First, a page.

=   Swifter, Isis, Swifter Flow (Welcome Song for Charles II), for soloists, chorus and instruments, Z.336 1 
    =   The Noise of Foreign Wars (unfinished ode) 1 
    =   Welcome to all the Pleasures (Ode for St. Cecilia's Day), Z.339 34 
    =   Sound the trumpet, beat the drum (Welcome Ode for James II), for 2 altos, tenors, basses, chorus, strings and continuo, Z.335 1 

Musical Services 
    =   Burial Service (for the funeral of Queen Mary), Z.27 16 
    =   Morning Service in D, for soloists, chorus and orchestra, Z.230 3 

Other Sacred Vocal Works   
    =   An Evening Hymn, Z.193 2 
    =   Beati omnes, for soprano, bass, chorus and continuo, Z.131 (hymn) 1 
    =   Blessed is the Man that Feareth the Lord, for 3 voices and continuo, Z.9 1 
    =   Christ is Made the Sure Foundation (hymn set to a theme by Purcell) 6 
    =   Hosanna to the Highest, for bass, chorus, and continuo, Z.187 1 
    =   How Long, Great God?, for soprano and continuo, Z.189 3 
    =   In Guilty Night, Z.134 3 
    =   Jehova, quam multi sunt, sacred song for tenor, bass, chorus and continuo, Z.135 7 
    =   Let the Night Perish (Job's Curse), sacred song for soprano, chorus and continuo, Z.191 2 
    =   Lord, What is Man? for soprano and continuo, Z.192 9 
    =   Me O Ye Gods, for 2 voices and continuo 1 
    =   Miserere Mei (canon a4), Z.109 2 
    =   My Beloved Spake, Z.28 1 
    =   Now That the Sun Hath Veiled His Light ('An Evening Hymn on a Ground'), Z.193 20 
    =   O Sing Unto the Lord, Z.44 1 
    =   Since God So Tender a Regard, for tenor, bass, male chorus and continuo, Z.143 1 
    =   Sleep, Adam, for soprano and continuo, Z.195 2 
    =   Te Deum and Jubilate Deo, for soloists, chorus and instruments in D, Z.232 3 
    =   Tell Me, Some Pitying Angel ('The Blessed Virgin's Expostulation'), Z.196 11 
    =   The Earth Trembled, and Heav'n Closed, sacred song for bass (or soprano) and continuo, Z.197 2 
    =   Thou Wakeful Shepherd ('Morning Hymn'), for soprano and continuo, Z.198 3 
    =   We sing to Him whose wisdom form'd the ear, sacred song for soprano, chorus of soprano and basso continuo, Z.199 1 
    =   With Sick and Famish'd Eyes, sacred song for soprano and continuo, Z.200 2 
    =   I Will Give Thanks Unto Thee, O Lord, Z.20 1 
    =   Voluntary on the Old Hundredth, Z.721 (attrib. to J. Blow) 1 
    =   O Lord God of hosts, for chorus Z.37 1 
    =   Miserere mei, Z.109 1 
    =   Begin the Song (The Resurrection) 1 
    =   Give sentence with me, O God, for chorus, Z.12 1 

Secular Songs   
    =   'Tis women makes us love, catch for 4 voices, Z.281 1 
    =   A Prince, for voice and continuo 1 
    =   A Song in the Prophetess, for voice and continuo 1 
    =   Ah! cruel nymph! you give despair for soprano and continuo, Z.352 1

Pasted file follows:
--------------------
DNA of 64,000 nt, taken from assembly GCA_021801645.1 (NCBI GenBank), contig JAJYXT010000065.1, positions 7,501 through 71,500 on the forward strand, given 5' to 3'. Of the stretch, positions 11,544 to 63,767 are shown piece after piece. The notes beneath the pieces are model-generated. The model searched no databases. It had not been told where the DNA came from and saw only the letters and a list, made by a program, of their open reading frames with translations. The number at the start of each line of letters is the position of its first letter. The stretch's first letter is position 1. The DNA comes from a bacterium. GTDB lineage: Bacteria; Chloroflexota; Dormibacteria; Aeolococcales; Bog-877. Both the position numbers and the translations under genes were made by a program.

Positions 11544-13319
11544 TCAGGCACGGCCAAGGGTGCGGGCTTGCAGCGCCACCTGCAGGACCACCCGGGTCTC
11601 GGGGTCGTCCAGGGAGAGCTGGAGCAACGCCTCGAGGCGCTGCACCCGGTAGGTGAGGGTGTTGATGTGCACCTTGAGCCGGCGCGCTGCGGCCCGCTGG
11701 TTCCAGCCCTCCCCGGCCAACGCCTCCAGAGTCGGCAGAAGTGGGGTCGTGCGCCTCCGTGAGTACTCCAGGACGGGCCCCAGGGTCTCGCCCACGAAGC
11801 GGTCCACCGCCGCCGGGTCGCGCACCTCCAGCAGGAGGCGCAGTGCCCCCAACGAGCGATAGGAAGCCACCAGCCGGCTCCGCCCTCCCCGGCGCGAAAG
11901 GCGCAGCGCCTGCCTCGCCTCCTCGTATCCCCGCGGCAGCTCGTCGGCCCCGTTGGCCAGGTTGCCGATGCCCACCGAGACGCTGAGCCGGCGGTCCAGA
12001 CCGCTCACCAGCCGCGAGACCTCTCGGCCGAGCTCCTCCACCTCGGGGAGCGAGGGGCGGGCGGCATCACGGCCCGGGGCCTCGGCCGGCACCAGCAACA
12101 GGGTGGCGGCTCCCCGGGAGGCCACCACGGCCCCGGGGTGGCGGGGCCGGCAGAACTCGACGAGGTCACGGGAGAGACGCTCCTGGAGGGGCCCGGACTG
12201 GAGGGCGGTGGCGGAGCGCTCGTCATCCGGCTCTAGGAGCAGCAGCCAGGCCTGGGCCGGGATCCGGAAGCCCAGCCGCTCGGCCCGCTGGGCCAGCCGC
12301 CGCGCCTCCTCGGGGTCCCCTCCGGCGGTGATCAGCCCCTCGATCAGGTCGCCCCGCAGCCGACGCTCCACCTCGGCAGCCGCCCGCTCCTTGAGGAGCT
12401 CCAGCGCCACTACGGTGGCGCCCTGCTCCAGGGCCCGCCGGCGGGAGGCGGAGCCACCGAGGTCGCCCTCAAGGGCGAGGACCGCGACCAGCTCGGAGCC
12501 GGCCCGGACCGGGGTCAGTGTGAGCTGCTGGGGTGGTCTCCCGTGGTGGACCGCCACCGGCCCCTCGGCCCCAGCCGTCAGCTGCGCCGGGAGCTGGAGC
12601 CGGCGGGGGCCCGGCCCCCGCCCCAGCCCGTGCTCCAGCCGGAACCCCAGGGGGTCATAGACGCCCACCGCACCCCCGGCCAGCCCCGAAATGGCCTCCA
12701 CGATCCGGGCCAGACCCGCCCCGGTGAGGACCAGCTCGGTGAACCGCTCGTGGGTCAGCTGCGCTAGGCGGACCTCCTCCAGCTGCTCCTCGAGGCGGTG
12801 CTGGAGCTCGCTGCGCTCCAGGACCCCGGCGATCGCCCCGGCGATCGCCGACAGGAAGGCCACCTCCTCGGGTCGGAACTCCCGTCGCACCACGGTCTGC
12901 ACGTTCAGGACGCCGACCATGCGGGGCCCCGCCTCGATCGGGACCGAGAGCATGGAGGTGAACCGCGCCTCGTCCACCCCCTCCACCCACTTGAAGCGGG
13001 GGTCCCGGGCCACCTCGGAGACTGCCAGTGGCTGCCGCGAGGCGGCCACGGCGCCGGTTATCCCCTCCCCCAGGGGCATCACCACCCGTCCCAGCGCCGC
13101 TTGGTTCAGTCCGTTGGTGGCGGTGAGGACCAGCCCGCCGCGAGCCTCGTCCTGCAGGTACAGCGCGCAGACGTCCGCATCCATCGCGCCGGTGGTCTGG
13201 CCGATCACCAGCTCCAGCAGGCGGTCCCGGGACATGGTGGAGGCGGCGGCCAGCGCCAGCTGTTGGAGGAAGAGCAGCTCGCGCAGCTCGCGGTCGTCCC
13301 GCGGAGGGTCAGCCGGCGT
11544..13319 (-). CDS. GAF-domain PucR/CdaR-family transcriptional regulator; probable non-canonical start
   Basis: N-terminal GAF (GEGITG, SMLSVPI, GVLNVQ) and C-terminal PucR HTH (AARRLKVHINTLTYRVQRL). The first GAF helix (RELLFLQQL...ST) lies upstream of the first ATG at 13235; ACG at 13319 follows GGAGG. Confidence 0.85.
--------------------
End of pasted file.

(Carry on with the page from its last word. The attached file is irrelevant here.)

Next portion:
=   Ah! how pleasant 'tis to love, for soprano and continuo, Z.353 1 
    =   Amidst the Shades and Cool Refreshing Streams, Z.355 1 
    =   Amidst the Shades, for voice and continuo 1 
    =   As Amoret and Thirsis lay, song (from 'The Old Bachelor'), Z. 607/11 1 
    =   As Roger Last Night to Jenny Lay Close, catch for 3 voices, Z.242 1 
    =   Be Welcome, then, Great Sir, for 2 voices and continuo 1 
    =   But ah, I see Eusebia drown’d in tears, for voice and continuo 1 
    =   Cease, anxious World, for voice and continuo 1 
    =   Come, Let Us Drink, catch for 3 voices and continuo, Z.245 2 
    =   Corinna is divinely fair, song, Z.365 1 
    =   Cupid, the Slyest Rogue Alive, Z.367 2 
    =   Down, Down with Bacchus, catch for 3 voices, Z.247 1 
    =   Fairest Isle (from 'King Arthur'), aria for soprano, Z.628/38 1 
    =   Fly Swift, Ye Hours, Z.369 1 
    =   From Silent Shades and the Elysian Groves ('Bess of Bedlam'), Z.370 7 
    =   Fye Nay Prithee John 1 
    =   Hail Gracious Glorianna, Hail!, for 2 voices and continuo 1 
    =   Hail, bright Cecilia, Z.328 14 
    =   Hark, how the wild musicians sing, Z.542 1 
    =   Her charming strains, for voice and continuo 1 
    =   Here let my life, for 2 voices and continuo 2 
    =   How happy's the husband (from 'Love Triumphant'), song, Z. 582/1 1 
    =   How Pleasant is this Flowery Plain, for soprano, tenor, 2 recorders, and continuo, Z.543 1 
    =   I Gave Her Cakes and I Gave Her Ale, catch for 3 voices, Z.256 1 
    =   I lov'd fair Celia, Z.381 3 
    =   I Love and I Must, Z.382 1 
    =   If Ever I More Riches Did Desire, for 2 sopranos, tenor, bass, 2 violins, and continuo, Z.544 1 
    =   If Music Be the Food of Love, Z.379 24 
    =   Incassum, Lesbia, incassum rogas (on the death of Queen Mary), Z.383 5 
    =   Incassum, Lesbia, Z.383, 'Queen's Epicedium' 1 
    =   Lost is My Quiet Forever, for 2 voices and continuo, Z.502 4 
    =   Lovely Albina's Come Ashore, Z.394 2 
    =   Mad Bess of Bedlam ('From silent shades') 1 
    =   Music for a While (from 'Oedipus'), song, Z. 583/2 3